On April 23, 2021, the Supreme Court of Canada confirmed that residents of the United States of America can hold Aboriginal rights in this country. The Court concluded that the Aboriginal rights protected by section 35 of the Constitution Act, 1982 — which applies to the “aboriginal peoples of Canada” — can be held by “modern-day successors of Aboriginal societies that occupied Canadian territory at the time of European contact.” The decision confirms the three lower court decisions on this topic (see our previous Blakes Bulletin: American Citizen Secures Aboriginal Rights in Canada and Blakes Bulletin: Beyond Borders: B.C. Court Rules U.S. Resident Has Aboriginal Right to Hunt in Canada).
While the decision resolves the specific case, the Court cautions that its ruling is narrow in scope and does not address the broader implications of non-resident Indigenous groups claiming Aboriginal rights in Canada. Unfortunately, in declining to address those implications, the Court provides little guidance on how cross-border Aboriginal rights claims will be resolved in practice, creating uncertainty about the effect of non-resident claims on future consultation, accommodation and other aspects of Indigenous law in Canada.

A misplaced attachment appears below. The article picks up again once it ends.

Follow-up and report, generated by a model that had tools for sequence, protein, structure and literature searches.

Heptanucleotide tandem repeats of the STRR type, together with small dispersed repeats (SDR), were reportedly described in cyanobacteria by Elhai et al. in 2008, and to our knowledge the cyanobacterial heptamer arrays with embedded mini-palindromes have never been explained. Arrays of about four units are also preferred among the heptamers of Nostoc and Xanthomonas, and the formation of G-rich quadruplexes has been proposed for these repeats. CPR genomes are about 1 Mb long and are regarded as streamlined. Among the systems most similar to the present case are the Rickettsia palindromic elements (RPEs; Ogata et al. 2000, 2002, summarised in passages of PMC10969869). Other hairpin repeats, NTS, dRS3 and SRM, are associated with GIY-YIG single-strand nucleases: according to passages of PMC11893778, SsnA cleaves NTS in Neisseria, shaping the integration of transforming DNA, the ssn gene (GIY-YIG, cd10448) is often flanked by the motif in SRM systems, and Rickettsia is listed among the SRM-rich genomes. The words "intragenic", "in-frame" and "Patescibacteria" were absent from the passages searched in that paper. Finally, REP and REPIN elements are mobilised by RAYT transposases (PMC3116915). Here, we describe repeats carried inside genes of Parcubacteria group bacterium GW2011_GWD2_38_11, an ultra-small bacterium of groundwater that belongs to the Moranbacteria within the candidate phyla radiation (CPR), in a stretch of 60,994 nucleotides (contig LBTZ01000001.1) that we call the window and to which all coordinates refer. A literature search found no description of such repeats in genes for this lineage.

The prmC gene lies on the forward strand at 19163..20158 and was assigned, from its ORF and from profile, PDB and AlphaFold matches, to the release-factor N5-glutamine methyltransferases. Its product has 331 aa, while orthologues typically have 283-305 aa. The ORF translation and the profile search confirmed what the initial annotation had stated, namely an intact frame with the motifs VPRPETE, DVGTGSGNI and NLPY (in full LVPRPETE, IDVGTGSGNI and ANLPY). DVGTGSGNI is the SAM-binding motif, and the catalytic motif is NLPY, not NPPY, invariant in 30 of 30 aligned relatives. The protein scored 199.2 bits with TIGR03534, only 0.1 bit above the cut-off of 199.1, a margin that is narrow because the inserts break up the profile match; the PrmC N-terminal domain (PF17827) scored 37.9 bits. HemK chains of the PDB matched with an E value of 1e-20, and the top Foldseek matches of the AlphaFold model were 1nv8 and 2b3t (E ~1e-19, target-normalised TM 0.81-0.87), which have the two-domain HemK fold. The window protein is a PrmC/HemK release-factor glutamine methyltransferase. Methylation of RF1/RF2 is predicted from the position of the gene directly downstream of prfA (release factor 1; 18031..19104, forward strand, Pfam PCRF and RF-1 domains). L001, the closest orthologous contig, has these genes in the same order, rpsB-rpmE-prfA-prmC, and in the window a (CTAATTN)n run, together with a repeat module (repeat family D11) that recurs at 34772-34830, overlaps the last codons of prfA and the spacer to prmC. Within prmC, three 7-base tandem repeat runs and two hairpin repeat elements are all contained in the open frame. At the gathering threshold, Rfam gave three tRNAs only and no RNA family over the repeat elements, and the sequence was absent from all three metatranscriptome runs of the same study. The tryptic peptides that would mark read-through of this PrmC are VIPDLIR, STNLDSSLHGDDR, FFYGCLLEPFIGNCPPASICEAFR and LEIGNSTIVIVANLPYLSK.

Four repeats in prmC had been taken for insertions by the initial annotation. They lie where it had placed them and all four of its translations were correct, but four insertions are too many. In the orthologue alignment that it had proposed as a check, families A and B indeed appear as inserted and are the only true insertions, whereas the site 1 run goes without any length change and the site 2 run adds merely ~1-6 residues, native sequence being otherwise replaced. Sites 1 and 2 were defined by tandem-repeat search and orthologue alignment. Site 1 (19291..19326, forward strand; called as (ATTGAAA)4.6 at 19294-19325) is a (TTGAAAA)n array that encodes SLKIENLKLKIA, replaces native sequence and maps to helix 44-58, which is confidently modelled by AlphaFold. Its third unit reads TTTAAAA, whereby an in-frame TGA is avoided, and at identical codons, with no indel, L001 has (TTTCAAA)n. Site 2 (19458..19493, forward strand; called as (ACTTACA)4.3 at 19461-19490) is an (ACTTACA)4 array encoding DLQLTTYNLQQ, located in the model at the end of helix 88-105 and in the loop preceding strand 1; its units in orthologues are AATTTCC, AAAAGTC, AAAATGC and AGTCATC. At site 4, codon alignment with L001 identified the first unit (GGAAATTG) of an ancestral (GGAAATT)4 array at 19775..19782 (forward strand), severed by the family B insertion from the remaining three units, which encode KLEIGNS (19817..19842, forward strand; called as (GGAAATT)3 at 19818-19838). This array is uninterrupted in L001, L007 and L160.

Mr. Desautel resides on the Colville Reservation in Washington State as a U.S. citizen, and is a member of the Lakes Tribe of the Colville Confederated Tribes. In October 2010, Mr. Desautel entered Canada and killed an elk near Castlegar, B.C. Mr. Desautel was charged with two offences under the Wildlife Act: hunting without a licence and hunting big game while not being a resident.
This was a test case — Mr. Desautel reported his crime to conservation officers, admitted committing the offence and defended the charge solely on the basis of Aboriginal rights. The Colville Confederated Tribes dispute the Government of Canada’s decision to declare the Arrow Lakes Band extinct in 1956 (the last Canadian band that had members of the Sinixt people), and have already filed two Aboriginal title claims in British Columbia.
LOWER COURT DECISIONS
At trial, Mr. Desautel established that the Lakes Tribe is a successor group to the Sinixt people, whose traditional territory included an area surrounding the Arrow Lakes in B.C., and that he was exercising a right to hunt for food, social and ceremonial purposes within the meaning of s. 35(1) of the Constitution Act, 1982. The trial judge determined that the application of the Wildlife Act to Mr. Desautel constituted an unjustifiable infringement on his right to hunt and dismissed the charges.
The summary conviction appeal court agreed. The court concluded that the words “aboriginal peoples of Canada” must be interpreted to mean Aboriginal peoples who, prior to contact, occupied what became Canada. The court further concluded that the right asserted by Mr. Desautel was not incompatible with the sovereignty of Canada, since Mr. Desautel had entered Canada legally.
The B.C. Court of Appeal also upheld the decision. That Court rejected the idea that the claimant must be a member of a present-day Aboriginal community currently located in the geographic area where the claimed right is exercised, as this is not a requirement of the test for Aboriginal rights.